US President Donald Trump’s National Security Advisor HR McMaster has announced that US President will deliver “an inspiring, direct speech on the need to confront radical ideology and his hopes for a peaceful vision of Islam”.
Donald Trump is scheduled to attend the US-Arab-Islamic Summit in the Saudi Arabian capital Riyadh on May 20-21 where, apart from delivering his vision about Islam, a religion that he used to slam during his campaign days, he would also make a strong pitch for a $100 billion arms deal with the Saudis.
This will mark Trump’s first foreign visit as well as his first outreach to the major Muslim countries of the world. The tour itinerary of his first international visit, spread over eight days, also includes Jerusalem, Belgium, the Vatican and Italy.
But will it work, given Trump’s streak of controversies with Islam, his disdain for the second largest religion of the world? Can he inspire peace when he carries a baggage of contempt?
Or will it be another badly executed move by Trump which will generate even greater a controversy like the ongoing row over Trump revealing highly classified intelligence on the Islamic State to Russian Foreign Minister Sergey Lavrov and Ambassador Sergei Kislyak. The row has generated such an intense debate in the US that Trump’s NSA had to come forward to defend him last evening and CIA Director Mike Pompeo is going to brief the US Senate Intelligence Committee on the matter. And the US media has again started debating if there are possibilities emerging of impeaching President Donald Trump.
Trump has continued with his controversial views about Islam even after winning the US Presidential Election. He had taken oath on January 20 this year and within first four months of his term, he has tried twice to impose restrictions on Muslims from entering the United States. He first presented an executive order, banning travellers from seven Muslim majority nations, i.e., Syria, Iran, Iraq, Libya, Somalia, Yemen and Sudan. He also suspended the US immigration programme and put an indefinite ban on Syrian refugees. When the US courts banned it, his administration reworded the order with cosmetic measures, dropped Iraq from the list and issued it again. The US courts again banned the order expressing their strong disapproval of the racial and discriminatory bias behind the order.
And the court observations were largely based on Donald Trump’s past views about Muslims and Islam that he exhorted one after the other.
In a December 2015 campaign rally after the San Bernardino shooting incident, he had said, “Donald J. Trump is calling for a complete and total shutdown of Muslims entering the United States until our country’s representatives can figure out what the hell is going on.”
The statement that was later removed from his official campaign website further said, “According to Pew Research, among others, there is great hatred towards Americans by large segments of the Muslim population.”
A month before that, in November 2015, he had blamed Muslims for cheering the bombing of the World Trade Centre, “There were people that were cheering on the other side of New Jersey, where you have large Arab populations. They were cheering as the World Trade Centre came down.”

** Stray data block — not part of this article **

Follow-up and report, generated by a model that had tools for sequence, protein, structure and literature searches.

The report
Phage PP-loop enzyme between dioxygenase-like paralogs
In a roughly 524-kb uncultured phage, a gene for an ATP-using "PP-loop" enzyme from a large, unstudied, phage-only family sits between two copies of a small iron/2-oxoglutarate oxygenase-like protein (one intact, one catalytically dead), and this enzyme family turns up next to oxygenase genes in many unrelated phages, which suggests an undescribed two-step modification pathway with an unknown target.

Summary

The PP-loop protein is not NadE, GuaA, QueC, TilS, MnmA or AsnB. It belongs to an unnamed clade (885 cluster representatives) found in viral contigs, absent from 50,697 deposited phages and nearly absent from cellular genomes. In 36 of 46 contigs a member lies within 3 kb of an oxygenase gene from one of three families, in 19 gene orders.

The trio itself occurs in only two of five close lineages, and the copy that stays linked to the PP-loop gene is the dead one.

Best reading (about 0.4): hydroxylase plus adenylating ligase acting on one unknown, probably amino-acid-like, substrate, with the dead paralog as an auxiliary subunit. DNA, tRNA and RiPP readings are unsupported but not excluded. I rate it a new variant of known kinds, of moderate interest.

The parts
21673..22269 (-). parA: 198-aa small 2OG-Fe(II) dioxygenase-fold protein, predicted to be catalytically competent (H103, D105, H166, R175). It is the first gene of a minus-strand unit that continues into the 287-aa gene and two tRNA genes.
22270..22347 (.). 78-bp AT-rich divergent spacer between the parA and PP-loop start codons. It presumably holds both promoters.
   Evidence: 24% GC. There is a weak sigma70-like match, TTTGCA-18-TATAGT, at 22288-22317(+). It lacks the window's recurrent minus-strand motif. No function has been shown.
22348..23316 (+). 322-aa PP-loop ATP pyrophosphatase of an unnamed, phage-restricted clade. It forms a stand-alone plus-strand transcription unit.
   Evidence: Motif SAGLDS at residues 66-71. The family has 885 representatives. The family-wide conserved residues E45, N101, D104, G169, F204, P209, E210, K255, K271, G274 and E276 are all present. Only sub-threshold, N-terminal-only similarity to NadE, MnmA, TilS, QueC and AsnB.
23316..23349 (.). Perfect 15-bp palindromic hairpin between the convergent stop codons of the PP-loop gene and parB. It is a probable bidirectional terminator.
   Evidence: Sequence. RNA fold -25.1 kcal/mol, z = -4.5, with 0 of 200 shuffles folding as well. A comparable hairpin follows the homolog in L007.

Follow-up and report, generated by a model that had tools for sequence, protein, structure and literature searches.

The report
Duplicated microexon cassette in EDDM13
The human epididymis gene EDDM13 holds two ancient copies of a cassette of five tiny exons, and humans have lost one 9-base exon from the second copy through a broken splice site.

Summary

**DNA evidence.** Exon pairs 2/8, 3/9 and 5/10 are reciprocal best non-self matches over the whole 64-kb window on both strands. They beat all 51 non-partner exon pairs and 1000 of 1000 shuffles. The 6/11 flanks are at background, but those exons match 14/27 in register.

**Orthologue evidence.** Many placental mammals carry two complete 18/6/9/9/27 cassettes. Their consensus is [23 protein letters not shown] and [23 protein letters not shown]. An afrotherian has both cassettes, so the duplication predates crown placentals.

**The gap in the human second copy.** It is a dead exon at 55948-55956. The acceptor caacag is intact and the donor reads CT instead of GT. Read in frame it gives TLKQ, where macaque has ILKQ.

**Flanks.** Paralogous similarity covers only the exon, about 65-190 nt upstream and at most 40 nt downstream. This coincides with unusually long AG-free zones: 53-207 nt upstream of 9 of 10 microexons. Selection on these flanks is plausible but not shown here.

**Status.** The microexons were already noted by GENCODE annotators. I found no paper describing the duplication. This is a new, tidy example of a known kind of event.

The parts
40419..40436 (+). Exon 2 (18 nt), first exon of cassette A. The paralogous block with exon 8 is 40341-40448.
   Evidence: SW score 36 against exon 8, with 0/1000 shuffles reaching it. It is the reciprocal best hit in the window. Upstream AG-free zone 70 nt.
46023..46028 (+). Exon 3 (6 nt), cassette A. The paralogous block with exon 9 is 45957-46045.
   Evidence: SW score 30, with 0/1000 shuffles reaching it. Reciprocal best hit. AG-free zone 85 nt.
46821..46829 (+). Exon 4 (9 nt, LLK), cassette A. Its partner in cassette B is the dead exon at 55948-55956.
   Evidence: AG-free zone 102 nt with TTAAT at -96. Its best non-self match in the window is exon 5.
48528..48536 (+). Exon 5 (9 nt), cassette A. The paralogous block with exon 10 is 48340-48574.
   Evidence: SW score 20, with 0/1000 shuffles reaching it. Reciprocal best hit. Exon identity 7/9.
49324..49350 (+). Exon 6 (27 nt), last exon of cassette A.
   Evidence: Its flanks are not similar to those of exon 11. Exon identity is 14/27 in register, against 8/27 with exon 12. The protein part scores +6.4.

Donald Trump, during his campaign days, had floated the idea of a nationwide database of Muslims. It was ridiculous, humiliating, discriminatory and racial and was widely criticised but Trump didn’t budge from his stand. He would speak on “how Islam hated them (the Americans)” and he would say he was going to see his Muslim ban plan implemented once he got elected. His Muslim ban idea later got the angle of extreme vetting, an intense scrutiny of Muslims before entering the US.
It is through the route of extreme vetting that Donald Trump, after becoming the US President, tried to impose his idea of Muslim and immigration ban with his failed executive orders. After passing his first executive order on travel ban, Trump had tweeted, “Everybody is arguing whether or not it is a BAN. Call it what you want, it is about keeping bad people (with bad intentions) out of country!”And Trump did not like the US courts coming in his way of doing things. He expressed his anger and displeasure by comparing the US judicial system to that of the third world countries.
It is ironical that Trump has chosen a Middle East country for his first international visit, a region that he believes has executed large number of Christians. And this he had said as recently as in January this year, a week after the inauguration of his presidency. He tweeted, “Christians in the Middle-East have been executed in large numbers. We cannot allow this horror to continue!”
Donald J. TrumpVerified account
Christians in the Middle-East have been executed in large numbers. We cannot allow this horror to continue!
8:33 PM – 29 Jan 2017
So, every eye will be on Donald Trump when he delivers his vision for Islam in a Middle East country, in the presence of the heads of state of many other Middle East nations. It will be interesting to see how direct he sounds in inspiring a community that has traditionally been targeted by him.